Examples of the correct usage of the aircraft serial numbers are: S.E.5a C.1057, Nieuport 27 N5690, Pfalz D.IIIa 8143/17, Fokker D.VII (Alb) 6828/18, Fokker D.VII (OAW) 8425/18, etc.


Many languages provide additional guidance in the proper pronunciation of words. Authors must be aware of such guidance and need to take them into consideration in the preparation of manuscripts. Typical examples of such indications are: Armée, Pour le mérite, Bébé, Führer, aôut, Gnôme, Le Rhône and Schütte-Lanz


RFC BK 20 DH-4 h.p.
RAF USA AFP B.E.2c (no space)
RNAS USAS BG F.E.2b (no space)
N 65 VB 102 DOW Fl.Abt. (A) 283
LVG mm CAP 115 G.D.E.
mph SOP 111 SAL 122 Staaken R.II (no space)
APO cm CIACB C.IVa (no space)
EOW GB 1 OEF Rumpler C.I (no space)
BG IV BR 66 Jasta 11 Hannover Cl.IIIa (no space
AR 258 F 110 kg S.E.5a (no space)
FA(A) 227 V 97 U.S.
Jage II JN-3 Pfalz D.IIIa (no space)
POW KEK Jametz D.S.O.
JG I Fokker D.VII(OAW) (no space)


There are some instances where abbreviations appear only in capital letters, e.g., SPAD and SAML.


It must be recognized that there is no definitive listing of abbreviations used amongst WWI aviation historians. Even in official publications there are differences in commonly used abbreviations--both among official publications and within official publications. The partial listing of World War I abbreviations is based on a listing of abbreviations commonly used by authors of various WWI aviation journals, as well as in official publications and is provided with the objective of achieving a sense of uniformity and consistency in the material presented in the Journal.

L. Ranks

The rank lists attempt to provide a reasonably comprehensive compilation of both the military and naval rankings used by the belligerents during the war. The list is perhaps somewhat overly long, but due to the wide range of interests and the breadth of research efforts of the League members, the list is made as complete as possible. As not all ranks, or their equivalents are included, the editorial staff of Over the Front would appreciate additions and corrections from readers.  


Times and dates should be listed in the military manner in which they were originally described, e.g., dates are noted as is the custom in the country of origin with either the date preceding the month or following the month, depending upon the custom. An acceptable form of variety would be: "The unit's first encounter was on 9 May 1917, and was followed by engagements on the 10th, 11th, and 13th. After a brief respite, operations were resumed on the 16th of the month." It is pretty clear that all of this activity took place in May 1917. Times should be indicated in a manner consistent with their origin, e.g., military times were typically indicated in the same form as civilian times while naval times used the 24-hour clock. When using civilian times care needs to be exercised to insure the omission of errors between ante-meridiem and post-meridiem times. In describing events occurring at different times the following would be acceptable: "Smith achieved his second victory at 9:20 a.m. and his third at 9:30 a.m.; Jones scored his 11th at 10:15 a.m."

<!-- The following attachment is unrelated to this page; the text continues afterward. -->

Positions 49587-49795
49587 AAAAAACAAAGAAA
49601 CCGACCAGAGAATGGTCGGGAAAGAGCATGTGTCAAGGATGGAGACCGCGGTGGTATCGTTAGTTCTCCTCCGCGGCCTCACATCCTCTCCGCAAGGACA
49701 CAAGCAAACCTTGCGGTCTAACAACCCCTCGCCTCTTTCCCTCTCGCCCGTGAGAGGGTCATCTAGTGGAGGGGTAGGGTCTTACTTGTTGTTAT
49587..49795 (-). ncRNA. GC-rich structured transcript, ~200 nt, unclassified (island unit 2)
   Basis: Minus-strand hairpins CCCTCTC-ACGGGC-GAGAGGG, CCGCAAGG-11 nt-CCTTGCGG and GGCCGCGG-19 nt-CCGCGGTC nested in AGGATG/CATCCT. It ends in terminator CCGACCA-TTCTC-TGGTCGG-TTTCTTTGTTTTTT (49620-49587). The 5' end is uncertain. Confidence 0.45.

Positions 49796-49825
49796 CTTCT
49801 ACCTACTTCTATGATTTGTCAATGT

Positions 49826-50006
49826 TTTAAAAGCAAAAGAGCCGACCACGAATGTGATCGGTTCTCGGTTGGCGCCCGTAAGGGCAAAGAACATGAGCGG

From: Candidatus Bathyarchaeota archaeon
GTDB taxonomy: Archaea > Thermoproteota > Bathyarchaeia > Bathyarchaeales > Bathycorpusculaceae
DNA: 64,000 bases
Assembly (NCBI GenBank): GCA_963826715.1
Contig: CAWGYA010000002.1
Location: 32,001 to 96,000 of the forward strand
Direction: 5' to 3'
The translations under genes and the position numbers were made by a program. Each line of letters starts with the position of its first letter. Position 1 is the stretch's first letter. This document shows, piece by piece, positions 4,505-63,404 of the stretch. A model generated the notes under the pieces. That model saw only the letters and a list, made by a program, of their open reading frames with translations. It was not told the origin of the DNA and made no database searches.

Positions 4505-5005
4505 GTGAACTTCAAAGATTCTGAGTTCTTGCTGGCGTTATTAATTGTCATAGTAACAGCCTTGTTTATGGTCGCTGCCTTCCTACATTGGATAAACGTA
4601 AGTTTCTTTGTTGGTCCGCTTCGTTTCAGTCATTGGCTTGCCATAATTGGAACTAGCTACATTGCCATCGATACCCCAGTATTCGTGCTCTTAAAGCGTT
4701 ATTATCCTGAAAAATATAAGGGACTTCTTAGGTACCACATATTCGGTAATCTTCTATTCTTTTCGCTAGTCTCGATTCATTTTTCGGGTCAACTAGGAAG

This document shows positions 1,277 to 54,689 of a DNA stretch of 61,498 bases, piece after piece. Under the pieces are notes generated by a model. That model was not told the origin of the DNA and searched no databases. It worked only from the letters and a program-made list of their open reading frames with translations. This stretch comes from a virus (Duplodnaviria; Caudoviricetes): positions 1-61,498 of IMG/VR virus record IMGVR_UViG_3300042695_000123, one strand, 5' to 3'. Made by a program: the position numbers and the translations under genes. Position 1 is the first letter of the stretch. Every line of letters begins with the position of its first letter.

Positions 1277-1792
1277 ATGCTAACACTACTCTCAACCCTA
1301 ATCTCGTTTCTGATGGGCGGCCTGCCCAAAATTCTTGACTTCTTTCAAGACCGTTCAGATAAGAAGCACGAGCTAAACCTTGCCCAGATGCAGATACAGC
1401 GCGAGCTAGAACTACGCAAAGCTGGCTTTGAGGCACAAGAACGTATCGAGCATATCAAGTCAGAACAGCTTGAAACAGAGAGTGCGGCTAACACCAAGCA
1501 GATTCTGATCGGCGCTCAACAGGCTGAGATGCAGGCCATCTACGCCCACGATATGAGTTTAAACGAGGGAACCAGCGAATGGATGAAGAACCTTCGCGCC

Apostrophes are used only in the possessive case. Others are omitted (i.e., SPADs, etc.) unless its presence absolutely is necessary (as previously mentioned).

A distinction needs to be made between dashes and hyphens. A hyphen is used both to separate a word into syllables at the end of a sentence and to separate a word that is constructed from two separate words, e.g., "Lt. Jones received a war-ending wound on the 30th." Note that there is no space between the end of the word 'war' and the beginning of the word 'ending'. A dash is a double hyphen and is used to set out a secondary thought within a sentence, e.g.,  

"All my life I have longed for the Legion of Honor--not only for my own sake, but for that of my family--and now that I have at last the opportunity to receive it, they give me this."

Note that there is no space between the dashes and the words in the sentence.


No style sheet is ever complete and we will no doubt be refining various usages in Over the Front for years to come. This revision to the originally supplied guidance is nothing more than a refinement in the evolution of the use of common terminology so that the high degree of uniformity needed to communicate effectively is achieved. Comments and additions to this Style Guide are welcome and should be addressed directly to the Managing Editor.